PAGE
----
Stix and dating
(I had met her only two weeks before.) The kite flew reasonably well, if a little wildly.
In looking back from 40 years of further experience, I'd say that the wind was a little strong that day for this kind of kite, and caused it to crash.
However, something intriguing was also included with the kit: Instructions for building an unusual sort of kite using D-Stix as a frame and tissue paper for the sails.
On a folded piece of paper in the kit was a template for cutting out the sails.
All you needed to do was cut sails from sheets of paper using the template, and then glue or tape the sails to the D-Stix frame.
The summer I turned 17 I built the D-Stix tetrahedral kite, and in August I asked my new girlfriend Carol to go out and fly it with me.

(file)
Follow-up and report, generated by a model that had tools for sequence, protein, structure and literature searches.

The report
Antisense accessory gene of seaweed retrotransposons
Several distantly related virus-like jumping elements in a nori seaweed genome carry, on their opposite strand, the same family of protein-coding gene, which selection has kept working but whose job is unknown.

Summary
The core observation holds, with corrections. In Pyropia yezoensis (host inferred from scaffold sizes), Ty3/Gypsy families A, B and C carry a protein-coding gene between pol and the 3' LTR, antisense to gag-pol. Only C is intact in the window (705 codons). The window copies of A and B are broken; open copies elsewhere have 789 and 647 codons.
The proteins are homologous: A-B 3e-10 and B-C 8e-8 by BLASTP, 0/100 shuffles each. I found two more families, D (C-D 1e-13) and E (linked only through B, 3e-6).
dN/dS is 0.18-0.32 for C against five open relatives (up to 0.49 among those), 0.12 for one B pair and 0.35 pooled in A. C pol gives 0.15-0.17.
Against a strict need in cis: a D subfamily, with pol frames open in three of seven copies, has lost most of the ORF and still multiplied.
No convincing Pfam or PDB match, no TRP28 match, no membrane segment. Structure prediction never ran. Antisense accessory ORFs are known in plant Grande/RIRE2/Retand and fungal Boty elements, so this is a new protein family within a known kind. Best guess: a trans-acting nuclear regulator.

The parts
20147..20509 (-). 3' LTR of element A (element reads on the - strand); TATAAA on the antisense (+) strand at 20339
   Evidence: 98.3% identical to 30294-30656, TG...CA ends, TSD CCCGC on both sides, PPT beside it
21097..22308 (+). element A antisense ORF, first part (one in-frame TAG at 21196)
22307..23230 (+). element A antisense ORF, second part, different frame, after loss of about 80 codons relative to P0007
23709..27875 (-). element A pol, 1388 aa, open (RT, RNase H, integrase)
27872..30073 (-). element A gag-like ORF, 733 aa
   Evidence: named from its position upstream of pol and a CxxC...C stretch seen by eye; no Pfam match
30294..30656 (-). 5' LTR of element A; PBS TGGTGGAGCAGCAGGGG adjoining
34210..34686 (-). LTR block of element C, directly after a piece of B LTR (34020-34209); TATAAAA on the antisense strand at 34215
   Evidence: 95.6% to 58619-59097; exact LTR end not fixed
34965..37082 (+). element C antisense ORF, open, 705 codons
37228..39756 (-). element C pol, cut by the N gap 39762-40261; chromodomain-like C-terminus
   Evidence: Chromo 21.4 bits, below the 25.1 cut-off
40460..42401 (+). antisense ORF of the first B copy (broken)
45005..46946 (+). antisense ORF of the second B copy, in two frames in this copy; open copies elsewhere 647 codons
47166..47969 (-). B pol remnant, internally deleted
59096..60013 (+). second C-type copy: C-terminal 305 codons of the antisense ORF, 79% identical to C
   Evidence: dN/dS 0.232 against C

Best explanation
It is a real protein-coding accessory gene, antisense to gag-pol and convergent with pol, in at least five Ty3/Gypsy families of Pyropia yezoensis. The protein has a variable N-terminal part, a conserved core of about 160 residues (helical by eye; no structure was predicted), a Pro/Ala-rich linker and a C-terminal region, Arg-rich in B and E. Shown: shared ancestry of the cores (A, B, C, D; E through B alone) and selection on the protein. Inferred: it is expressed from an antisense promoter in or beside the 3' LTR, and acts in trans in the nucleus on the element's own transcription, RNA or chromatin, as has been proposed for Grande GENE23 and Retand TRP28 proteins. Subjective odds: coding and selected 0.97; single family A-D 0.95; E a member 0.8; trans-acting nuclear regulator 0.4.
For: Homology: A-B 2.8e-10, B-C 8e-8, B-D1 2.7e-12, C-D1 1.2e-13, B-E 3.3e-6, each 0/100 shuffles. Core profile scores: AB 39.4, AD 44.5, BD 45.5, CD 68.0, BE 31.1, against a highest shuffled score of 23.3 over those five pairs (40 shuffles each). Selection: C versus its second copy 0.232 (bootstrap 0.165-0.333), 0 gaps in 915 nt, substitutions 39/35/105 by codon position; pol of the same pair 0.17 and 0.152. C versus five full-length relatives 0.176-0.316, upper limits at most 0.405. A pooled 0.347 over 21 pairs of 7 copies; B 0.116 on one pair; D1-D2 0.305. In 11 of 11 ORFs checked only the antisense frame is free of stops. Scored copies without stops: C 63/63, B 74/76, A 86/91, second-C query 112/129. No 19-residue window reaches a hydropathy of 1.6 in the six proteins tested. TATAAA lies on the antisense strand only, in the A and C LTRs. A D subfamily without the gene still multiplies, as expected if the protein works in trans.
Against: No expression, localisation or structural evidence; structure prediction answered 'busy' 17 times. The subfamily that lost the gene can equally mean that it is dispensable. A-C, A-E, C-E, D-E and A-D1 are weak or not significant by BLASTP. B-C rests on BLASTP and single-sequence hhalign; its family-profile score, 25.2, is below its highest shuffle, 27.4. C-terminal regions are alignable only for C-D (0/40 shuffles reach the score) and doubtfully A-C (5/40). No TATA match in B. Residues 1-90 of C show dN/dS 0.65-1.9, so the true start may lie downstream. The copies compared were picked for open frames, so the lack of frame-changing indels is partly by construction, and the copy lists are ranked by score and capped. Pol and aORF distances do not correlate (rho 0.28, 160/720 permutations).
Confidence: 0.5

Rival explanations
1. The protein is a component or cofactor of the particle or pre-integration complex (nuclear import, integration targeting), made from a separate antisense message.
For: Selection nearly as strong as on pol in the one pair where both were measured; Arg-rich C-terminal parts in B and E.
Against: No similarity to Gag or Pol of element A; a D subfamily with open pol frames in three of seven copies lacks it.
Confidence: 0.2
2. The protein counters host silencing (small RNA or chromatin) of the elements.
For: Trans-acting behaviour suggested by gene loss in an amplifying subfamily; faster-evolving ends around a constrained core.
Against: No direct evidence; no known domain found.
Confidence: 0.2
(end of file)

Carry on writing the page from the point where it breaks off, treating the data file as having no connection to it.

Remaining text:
I made models of the more interesting regular solids, including the tetrahedron, octahedron, and dodecahedron. However, I soon discovered that over at the American Science Center store at Nagle and Northwest Highway in Chicago, they sold a very neat geometry-oriented construction set called D-Stix.
The set consisted of a large number of 1/8” thick wooden sticks dyed various colors, and a collection of soft plastic connectors into which you could insert the sticks.
Worse, the black rubber connectors are fragile and tear easily, and do not grip even wooden sticks as well as the older yellow plastic connectors do.
The kite shown above was made with 36" hardwood dowels.
The dowels forming the 4 outer edges were 1/4" in diameter. The kite was a little heavy, but it flew well with a tail.
The ones dating from the 1960s used dyed wooden sticks and yellow plastic connectors. Later kits (dating to the mid-1970s) used colored plastic sticks and black rubber connectors.
I bought a set of the plastic/rubber D-Stix on e Bay in 2007 and found them, well, awful.